Pulmonary Hypertension: Tricuspid regurgitation (TR) jet velocity was measured from apical four chambers, right ventricular entrance or parasternal short axis windows as much parallel as to continuous-wave Doppler insufficiency jet at the end of the diastole while the patient exhaled as much as possible and held the breath. The pulmonary artery systolic pressure (PASP) was calculated by excluding pulmonary stenosis, assuming right ventricular systolic pressure to be equal to PASP, using the Bernoulli equation from the TR rate and adding estimated right atrial pressure. PASP above 25mmHg was accepted as pulmonary hypertension (PH).

Diastolic Dysfunction: It was calculated by measuring e’ by tissue Doppler, and E, A, E/A waves by checking transmitral jet velocities by PW Doppler.

Heart Failure: It was accepted as having an LVEF of 45% or less or diastolic dysfunction of stage 2 or more in TTE.

Statistical Analysis

In our study, we compared the findings of the patients in each of the three follow-up examinations, and gender subgroups and age subgroups (55 years of age was accepted as RF for CVD) were also compared among themselves. Statistical analysis was performed with SPSS v21.0. The statistical significance level was accepted as p<0.05. Normality assessments were made by Kolmogorov-Smirnov and Shapiro-Wilk tests. A chi-square test was used to compare categorical data, and the Mann-Whitney U test was used to compare continuous data. For repeated measures, ANOVA was used for continuous variables, and Cochran Q was used for categorical variables obtained during follow-up examinations. ANOVA test results were evaluated with Pillai’s Trace. Post-hoc evaluations were performed with Bonferroni. When comparing the changes between groups, the model was evaluated by a single group. Significance in the Cochran Q test was assessed using the McNemar test as a post-hoc binary comparison test.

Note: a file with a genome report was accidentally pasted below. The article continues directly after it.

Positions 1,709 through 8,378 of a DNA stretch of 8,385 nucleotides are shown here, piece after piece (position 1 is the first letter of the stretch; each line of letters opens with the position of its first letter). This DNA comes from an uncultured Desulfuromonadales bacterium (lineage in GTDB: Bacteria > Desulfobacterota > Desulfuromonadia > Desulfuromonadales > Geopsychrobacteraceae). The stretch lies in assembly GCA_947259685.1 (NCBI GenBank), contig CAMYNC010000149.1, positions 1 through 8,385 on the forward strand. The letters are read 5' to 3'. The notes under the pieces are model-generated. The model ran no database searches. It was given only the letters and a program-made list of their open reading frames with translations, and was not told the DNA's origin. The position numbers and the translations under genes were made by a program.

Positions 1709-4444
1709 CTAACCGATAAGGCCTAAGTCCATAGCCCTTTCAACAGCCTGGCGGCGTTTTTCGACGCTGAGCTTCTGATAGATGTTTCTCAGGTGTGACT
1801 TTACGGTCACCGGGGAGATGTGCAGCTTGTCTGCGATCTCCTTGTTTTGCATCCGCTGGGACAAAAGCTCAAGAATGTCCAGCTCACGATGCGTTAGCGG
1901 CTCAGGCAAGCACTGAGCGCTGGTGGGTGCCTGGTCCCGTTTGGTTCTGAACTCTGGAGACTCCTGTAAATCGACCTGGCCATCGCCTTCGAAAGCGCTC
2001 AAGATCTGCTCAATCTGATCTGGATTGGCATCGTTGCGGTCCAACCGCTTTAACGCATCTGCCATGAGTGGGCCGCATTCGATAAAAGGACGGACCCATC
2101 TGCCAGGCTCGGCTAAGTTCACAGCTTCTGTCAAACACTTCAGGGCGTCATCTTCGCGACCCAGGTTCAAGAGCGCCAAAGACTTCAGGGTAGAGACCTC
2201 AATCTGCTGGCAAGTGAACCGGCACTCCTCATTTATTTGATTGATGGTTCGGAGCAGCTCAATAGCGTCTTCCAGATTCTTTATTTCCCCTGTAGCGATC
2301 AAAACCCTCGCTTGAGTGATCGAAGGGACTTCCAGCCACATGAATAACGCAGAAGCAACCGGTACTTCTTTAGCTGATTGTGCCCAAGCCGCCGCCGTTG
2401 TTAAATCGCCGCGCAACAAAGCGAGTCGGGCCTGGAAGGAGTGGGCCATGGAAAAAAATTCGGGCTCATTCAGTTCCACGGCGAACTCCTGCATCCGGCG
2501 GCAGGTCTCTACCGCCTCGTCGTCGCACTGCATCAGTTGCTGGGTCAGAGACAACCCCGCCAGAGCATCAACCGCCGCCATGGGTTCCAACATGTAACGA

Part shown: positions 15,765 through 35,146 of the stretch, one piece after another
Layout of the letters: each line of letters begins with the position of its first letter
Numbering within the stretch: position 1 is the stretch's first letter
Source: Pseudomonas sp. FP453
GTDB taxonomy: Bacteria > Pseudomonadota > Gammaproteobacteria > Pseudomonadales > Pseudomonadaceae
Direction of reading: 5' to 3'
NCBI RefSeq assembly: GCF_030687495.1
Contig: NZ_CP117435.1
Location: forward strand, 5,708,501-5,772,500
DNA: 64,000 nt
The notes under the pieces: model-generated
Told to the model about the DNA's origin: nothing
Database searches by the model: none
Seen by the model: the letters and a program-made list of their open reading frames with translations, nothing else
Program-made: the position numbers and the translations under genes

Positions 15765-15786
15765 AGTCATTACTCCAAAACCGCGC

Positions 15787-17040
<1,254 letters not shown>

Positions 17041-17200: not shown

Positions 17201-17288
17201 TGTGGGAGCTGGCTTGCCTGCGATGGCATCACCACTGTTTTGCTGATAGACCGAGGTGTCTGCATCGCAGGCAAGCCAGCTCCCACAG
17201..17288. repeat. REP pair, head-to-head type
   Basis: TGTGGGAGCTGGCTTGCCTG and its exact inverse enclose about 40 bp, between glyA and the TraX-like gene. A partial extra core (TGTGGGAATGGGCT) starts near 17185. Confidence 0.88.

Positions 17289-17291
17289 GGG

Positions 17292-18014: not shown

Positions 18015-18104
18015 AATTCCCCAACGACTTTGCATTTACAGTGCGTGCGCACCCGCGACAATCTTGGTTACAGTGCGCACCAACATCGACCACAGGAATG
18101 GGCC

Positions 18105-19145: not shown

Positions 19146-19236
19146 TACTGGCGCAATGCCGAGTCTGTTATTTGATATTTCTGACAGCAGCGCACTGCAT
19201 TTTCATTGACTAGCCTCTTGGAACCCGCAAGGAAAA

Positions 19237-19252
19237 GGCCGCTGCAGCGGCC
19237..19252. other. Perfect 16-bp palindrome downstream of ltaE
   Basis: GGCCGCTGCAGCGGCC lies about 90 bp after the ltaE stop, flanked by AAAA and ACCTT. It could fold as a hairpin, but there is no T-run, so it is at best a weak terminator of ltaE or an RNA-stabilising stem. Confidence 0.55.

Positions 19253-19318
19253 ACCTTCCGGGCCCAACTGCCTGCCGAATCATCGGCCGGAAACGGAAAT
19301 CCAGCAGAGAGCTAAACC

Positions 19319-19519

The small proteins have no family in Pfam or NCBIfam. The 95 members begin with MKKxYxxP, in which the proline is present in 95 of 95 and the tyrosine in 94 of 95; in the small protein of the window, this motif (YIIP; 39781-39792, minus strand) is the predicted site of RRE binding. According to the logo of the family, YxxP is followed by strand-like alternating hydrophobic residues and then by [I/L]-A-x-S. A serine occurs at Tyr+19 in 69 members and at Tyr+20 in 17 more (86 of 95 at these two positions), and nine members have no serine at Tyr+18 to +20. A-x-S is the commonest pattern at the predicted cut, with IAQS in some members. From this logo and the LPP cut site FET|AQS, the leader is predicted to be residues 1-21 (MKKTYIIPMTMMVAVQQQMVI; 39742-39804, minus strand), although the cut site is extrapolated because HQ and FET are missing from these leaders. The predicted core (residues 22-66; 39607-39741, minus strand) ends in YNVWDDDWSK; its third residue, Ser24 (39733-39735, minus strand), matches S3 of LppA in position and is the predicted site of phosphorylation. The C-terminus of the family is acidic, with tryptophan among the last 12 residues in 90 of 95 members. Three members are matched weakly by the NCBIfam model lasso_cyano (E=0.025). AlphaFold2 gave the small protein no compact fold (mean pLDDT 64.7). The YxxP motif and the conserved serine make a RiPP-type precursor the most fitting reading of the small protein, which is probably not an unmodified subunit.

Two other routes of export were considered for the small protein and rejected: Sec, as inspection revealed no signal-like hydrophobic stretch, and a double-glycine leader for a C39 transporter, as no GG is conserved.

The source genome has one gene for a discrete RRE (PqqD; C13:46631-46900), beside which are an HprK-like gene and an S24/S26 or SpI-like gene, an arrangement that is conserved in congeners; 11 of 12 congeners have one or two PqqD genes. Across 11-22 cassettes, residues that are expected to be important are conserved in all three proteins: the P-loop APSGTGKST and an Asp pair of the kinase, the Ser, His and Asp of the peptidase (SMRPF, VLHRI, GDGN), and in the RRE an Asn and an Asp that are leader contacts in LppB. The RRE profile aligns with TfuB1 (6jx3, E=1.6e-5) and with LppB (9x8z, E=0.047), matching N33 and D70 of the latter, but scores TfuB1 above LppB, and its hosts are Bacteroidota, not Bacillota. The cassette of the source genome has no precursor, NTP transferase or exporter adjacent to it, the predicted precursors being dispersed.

Of the 111 patients in our study group, 67 were male, and 44 were female. The percentages of specific malignant diseases in our study group were similar: CML was 52.3%, and CLL was 47.7% (Table 1). In the age subgroup, CML and CLL rates were 72.2% and 27.8%, respectively, at <55 years of age, whereas it was 33.3% and 66.7% at >55 years of age. Accordingly, CML was significantly higher at <55 years, and CLL significantly higher at >55 years (p<0.001).

During the study, a total of six patients reached the endpoint, including two patients to primary endpoint (AF) and four patients to secondary endpoint (non-cardiac death). AF developed in two patients in the third and fifth months. Both were male, and one had CML, and the other had CLL. One of them had asymptomatic LV dysfunction (LVEF: 55% at baseline; 35% and 40% at follow-up). Four patients died in the second half of the study due to non-cardiac causes. Three of them were CLL, one was CML, and two were male, and two were female. All patients reaching the endpoint were above the median age of 55 years.